Last week, the government passed a constitutional amendment that ends term limits for the president, eliminates critical checks and balances, and ultimately deals a death knell to democracy in Sri Lanka. As activists carried democracy’s casket through the streets of Colombo, I ventured to the war torn Northern Province of Sri Lanka.
Throuought Sri Lanka’s history, the North’s major city, Jaffna (or Yalpanam, as it’s called in Tamil), has been a center of Tamil political organizing, and therefore an area of massive displacement and extreme violence. In 1995, after years of fighting, the Sri Lankan Army reclaimed the peninsula from the Liberation Tigers of Tamil Eelam (LTTE). For the next 15 years, Jaffna residents witnessed military operations, disappearances, raids, and massacres in their villages. Since the end of the war in May 2009, Sri Lanka’s army, navy, and air force have maintained multiple bases and outposts, high security zones, camps, and checkpoints throughout the territory.
On my air force chaperoned bus from the airport to Jaffna, I noticed an overwhelming number of bullet-ridden abandoned, destroyed, and evacuated homes. The empty houses don’t shock people who understand Jaffna’s history; every single one of Jaffna’s 600,000 residents has been displaced at least once and about 100,000 people from Jaffna still live in Internally Displaced Person (IDP) camps. Demographers estimate that Jaffna’s current population would rival Colombo’s had it not been for the violence and displacement.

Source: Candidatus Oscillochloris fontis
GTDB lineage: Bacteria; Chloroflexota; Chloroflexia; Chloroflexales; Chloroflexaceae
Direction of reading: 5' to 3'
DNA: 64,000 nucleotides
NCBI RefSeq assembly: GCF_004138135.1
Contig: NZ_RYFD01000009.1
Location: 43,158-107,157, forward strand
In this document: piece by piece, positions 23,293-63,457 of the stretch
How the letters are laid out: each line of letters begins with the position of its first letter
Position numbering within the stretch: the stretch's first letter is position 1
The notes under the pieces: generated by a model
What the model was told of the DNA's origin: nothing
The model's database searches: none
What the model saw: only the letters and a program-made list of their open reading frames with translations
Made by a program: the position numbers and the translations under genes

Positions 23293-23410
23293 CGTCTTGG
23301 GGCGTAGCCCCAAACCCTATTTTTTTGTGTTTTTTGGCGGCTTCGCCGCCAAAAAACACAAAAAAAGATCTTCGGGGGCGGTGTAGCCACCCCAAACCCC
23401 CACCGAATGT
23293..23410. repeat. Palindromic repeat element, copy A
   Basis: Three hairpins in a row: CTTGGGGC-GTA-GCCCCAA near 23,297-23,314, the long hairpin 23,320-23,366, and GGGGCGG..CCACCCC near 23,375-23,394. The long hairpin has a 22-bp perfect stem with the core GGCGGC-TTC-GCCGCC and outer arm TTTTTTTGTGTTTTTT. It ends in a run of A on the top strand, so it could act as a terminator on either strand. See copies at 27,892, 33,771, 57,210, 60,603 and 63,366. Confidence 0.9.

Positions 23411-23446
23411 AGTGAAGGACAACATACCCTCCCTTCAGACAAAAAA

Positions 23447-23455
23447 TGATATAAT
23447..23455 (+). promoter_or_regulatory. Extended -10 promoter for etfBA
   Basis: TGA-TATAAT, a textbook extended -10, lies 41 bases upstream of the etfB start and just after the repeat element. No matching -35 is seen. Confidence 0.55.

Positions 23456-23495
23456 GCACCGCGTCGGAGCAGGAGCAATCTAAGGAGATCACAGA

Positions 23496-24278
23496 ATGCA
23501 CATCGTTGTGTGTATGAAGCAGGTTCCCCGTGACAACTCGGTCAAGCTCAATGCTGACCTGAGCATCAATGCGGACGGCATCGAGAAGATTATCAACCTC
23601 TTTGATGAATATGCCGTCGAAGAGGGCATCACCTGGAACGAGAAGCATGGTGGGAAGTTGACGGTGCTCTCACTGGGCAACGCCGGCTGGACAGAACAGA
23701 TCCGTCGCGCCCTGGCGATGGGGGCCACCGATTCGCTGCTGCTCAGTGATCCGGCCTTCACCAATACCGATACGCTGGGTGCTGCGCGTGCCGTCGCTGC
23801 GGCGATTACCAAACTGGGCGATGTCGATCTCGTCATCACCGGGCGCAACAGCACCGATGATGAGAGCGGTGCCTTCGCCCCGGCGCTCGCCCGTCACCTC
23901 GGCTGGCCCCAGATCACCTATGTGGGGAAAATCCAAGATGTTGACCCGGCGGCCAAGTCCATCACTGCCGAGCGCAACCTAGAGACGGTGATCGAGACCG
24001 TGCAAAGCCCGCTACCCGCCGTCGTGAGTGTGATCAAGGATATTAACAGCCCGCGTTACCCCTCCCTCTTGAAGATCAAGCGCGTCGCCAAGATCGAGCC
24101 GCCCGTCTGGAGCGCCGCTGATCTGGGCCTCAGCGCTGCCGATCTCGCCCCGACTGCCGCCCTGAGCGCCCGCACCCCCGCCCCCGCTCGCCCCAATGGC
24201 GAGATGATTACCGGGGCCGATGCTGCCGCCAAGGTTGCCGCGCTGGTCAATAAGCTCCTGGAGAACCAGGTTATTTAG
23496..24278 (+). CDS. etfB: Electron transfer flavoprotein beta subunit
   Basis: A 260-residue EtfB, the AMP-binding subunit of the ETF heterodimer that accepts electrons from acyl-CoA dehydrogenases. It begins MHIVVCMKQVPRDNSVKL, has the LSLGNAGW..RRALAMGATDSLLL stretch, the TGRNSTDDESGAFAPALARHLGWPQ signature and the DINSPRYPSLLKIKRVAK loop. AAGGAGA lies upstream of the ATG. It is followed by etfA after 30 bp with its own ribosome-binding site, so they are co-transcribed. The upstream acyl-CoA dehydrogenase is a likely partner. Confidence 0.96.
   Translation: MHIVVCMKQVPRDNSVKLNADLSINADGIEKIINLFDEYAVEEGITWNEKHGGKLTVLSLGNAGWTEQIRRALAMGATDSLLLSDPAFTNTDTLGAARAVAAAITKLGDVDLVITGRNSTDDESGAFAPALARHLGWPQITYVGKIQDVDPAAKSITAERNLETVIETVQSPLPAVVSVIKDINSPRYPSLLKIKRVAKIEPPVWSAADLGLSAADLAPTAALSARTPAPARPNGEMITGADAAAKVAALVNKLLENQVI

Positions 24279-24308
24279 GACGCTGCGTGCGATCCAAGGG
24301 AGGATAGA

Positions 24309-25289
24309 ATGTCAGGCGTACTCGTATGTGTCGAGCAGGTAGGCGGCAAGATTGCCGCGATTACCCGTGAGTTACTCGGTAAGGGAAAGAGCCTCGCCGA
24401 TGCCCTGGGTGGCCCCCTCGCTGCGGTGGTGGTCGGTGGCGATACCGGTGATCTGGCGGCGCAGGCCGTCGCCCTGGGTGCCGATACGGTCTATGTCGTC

Some families decided to escape violence and occupation. Other families had no choice. For instance, in October 1990 the LTTE gave Jaffna’s 14,800 Muslims two hours to leave the city. (In 2000, the LTTE apologized for the mass expulsions – but only after over 75,000 Muslims had already left their homes in the Northern Province). In 1995, as the Sri Lankan Army encroached into the LTTE’s territory and tension and violence escalated, 450,000 Tamils fled their homes. For over 30 years, Jaffna’s population has shifted and shrunk with each occupation and every incidence of violence.
After a few days in Jaffna, I began to hear the stories behind the numbers and the empty houses:
This woman owns a large tract of land and a house in her village. She decided to leave after a bomb killed her sister and other women who were waiting to buy milk at a government cooperative shop. Now that the fighting has ended, she wants to return to her village, but the military has designated the land as part of a “high security zone.” Like thousands of other families, she cannot access her home or her land until the military relinquishes control. This woman echoed statements I heard from dozens of Jaffna residents: military occupation sparks LTTE era nostalgia, fuels ethnic tensions, and makes reconciliation impossible.
This woman said that leaving home was the only way to prevent the LTTE from enlisting her son. While he successfully avoided this forced recruitment, the family could not escape Sri Lanka’s violence. She lost her eye to a bomb in 2006 and has bullets in her neck. The injuries cause daily headaches, fatigue, and unrelenting pain. Her brother, his wife, and their children also decided to flee their home in the North, only to be killed by a bomb one night while eating dinner.
Unfortunately, most Jaffna residents can share similarly devastating stories. As the region starts the post-war revitalization process, these empty homes serve as constant reminders of past violence, current injustices, and future struggles.
Posted By Kerry McBroom
Posted Sep 15th, 2010